Date: Saturday, May 30, 2020
Session Name: Biomarkers, Immune Assessment and Clinical Outcomes III
Session Time: 3:15pm-4:45pm
Presentation Time: 4:03pm-4:15pm
*Purpose: The purpose of this study was to apply high-throughput metabolomics and machine learning to identify surrogate urine metabolite biomarkers for acute rejection vs. BK virus nephritis (BKVN), and for stable patients on both CNI-based and CNI-free/Belatacept based immunosuppression (IS).
*Methods: Established urine processing and metabolomic assessment protocols using gas chromatography-mass spectrometry (GC-MS) were applied to biopsy matched urine samples from 310 unique kidney transplant recipients, 73 of which received Belatacept/CNI-free IS. Metabolite identification was done using FiehnLIB protocol. Classification models were developed for AR, STA and BKVN using Random Forests, compared using AUC from ROC, and diagnostic accuracy assessed by the DeLong’s test.
*Results: From a total of 266 urinary metabolites, application of VSURF identified 11 metabolites specific for AR (Fig 1); AUC=0.985, with 92.9% sensitivity and 96.3% specificity (Fig.1). Glycine, N-methylalanine, and inulobiose, were the most significant metabolites in AR (Fig.1, right panel). VSURF identified 5 metabolites specific for BKVN; arabinose, 2-hydroxy-2-methylbutanoic acid, hypoxanthine, benzylalcohol, and N-acetyl-D-mannosamine, with 72.7% sensitivity and 96.2% specificity. Metabolic pathway enrichment identified nitrogen, ascorbate and glucose metabolism as the most enriched pathways in graft rejection. Unique metabolic pathways were noted for Belatacept based IS, involving aminoacyl-tRNA biosynthesis, arginine and proline metabolism.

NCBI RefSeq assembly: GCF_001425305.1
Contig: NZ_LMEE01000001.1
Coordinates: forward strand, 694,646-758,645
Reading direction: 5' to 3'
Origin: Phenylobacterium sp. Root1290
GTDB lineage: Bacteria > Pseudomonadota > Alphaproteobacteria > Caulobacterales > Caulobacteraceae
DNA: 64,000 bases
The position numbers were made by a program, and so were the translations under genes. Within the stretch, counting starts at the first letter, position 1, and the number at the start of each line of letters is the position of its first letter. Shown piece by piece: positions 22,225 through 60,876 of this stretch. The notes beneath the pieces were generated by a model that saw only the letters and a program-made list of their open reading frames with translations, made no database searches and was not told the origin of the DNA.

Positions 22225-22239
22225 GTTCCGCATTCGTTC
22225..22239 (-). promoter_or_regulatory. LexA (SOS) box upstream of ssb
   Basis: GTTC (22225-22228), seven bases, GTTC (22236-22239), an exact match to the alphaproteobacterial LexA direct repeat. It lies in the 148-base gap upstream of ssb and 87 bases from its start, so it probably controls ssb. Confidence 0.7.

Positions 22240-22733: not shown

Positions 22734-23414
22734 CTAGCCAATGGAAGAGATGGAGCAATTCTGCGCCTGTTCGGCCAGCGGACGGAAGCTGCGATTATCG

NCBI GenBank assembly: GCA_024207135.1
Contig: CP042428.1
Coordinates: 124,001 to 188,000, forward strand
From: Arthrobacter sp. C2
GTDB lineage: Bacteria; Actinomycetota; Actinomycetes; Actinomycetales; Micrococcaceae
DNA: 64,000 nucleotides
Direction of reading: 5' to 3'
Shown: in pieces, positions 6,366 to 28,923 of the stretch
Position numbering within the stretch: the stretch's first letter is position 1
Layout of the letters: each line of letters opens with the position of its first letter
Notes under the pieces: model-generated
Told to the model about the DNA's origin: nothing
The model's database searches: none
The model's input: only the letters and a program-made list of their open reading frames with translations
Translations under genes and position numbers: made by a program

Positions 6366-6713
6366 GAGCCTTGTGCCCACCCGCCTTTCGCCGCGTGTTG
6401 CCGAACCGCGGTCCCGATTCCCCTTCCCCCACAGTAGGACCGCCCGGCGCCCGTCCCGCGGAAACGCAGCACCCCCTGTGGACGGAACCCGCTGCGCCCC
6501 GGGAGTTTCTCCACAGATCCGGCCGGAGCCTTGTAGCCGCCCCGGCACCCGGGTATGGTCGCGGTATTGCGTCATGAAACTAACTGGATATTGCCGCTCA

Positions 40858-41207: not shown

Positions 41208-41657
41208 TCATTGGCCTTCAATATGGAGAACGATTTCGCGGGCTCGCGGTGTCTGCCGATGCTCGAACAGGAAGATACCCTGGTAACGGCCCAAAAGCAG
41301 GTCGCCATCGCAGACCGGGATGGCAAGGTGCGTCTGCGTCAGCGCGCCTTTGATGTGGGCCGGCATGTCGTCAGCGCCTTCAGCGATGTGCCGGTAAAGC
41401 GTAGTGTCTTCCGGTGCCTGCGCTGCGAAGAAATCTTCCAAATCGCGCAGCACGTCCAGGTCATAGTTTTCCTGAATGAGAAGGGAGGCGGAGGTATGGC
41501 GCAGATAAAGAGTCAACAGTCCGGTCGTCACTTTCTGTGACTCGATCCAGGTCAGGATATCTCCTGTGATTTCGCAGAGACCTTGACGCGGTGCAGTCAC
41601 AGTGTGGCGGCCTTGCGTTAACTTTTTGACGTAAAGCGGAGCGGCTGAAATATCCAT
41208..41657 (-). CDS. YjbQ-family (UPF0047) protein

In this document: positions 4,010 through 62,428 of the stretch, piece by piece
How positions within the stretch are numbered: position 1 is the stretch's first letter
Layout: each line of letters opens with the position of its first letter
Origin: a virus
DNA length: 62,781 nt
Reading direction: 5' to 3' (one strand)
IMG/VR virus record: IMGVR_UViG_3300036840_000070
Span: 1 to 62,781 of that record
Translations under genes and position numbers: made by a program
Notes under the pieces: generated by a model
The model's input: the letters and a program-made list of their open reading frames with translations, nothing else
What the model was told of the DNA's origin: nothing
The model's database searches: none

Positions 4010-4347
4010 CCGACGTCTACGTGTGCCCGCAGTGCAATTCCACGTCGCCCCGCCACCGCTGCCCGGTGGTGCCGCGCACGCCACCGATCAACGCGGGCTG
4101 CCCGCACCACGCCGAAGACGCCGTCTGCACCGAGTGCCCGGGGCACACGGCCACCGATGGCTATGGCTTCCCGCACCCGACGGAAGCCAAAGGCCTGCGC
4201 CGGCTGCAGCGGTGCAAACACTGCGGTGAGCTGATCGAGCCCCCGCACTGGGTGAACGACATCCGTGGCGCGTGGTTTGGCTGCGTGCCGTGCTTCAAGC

*Conclusions: Targeted urine metabolomic analyses by GC-MS of biopsy-matched urine samples form kidney transplant patients enables the generation of refined metabolite panels that segregate diagnosis of detect AR and differentiate it from BKVN, which is a clinical unmet need in transplantation. Belatacept based, CNI-free IS drives abundance of tRNAsynthases, which maybe exerting homeostatic control on pathways involved in suppressing inflammation and immunity.
To cite this abstract in AMA style:Sigdel T, Schroeder A, Yang JY, Sarwal R, Liberto J, Sarwal M. Targeted Urine Metabolomics for Monitoring Renal Allograft Injury and Immunosuppression [abstract]. Am J Transplant. 2020; 20 (suppl 3). https://atcmeetingabstracts.com/abstract/targeted-urine-metabolomics-for-monitoring-renal-allograft-injury-and-immunosuppression/. Accessed October 31, 2020.
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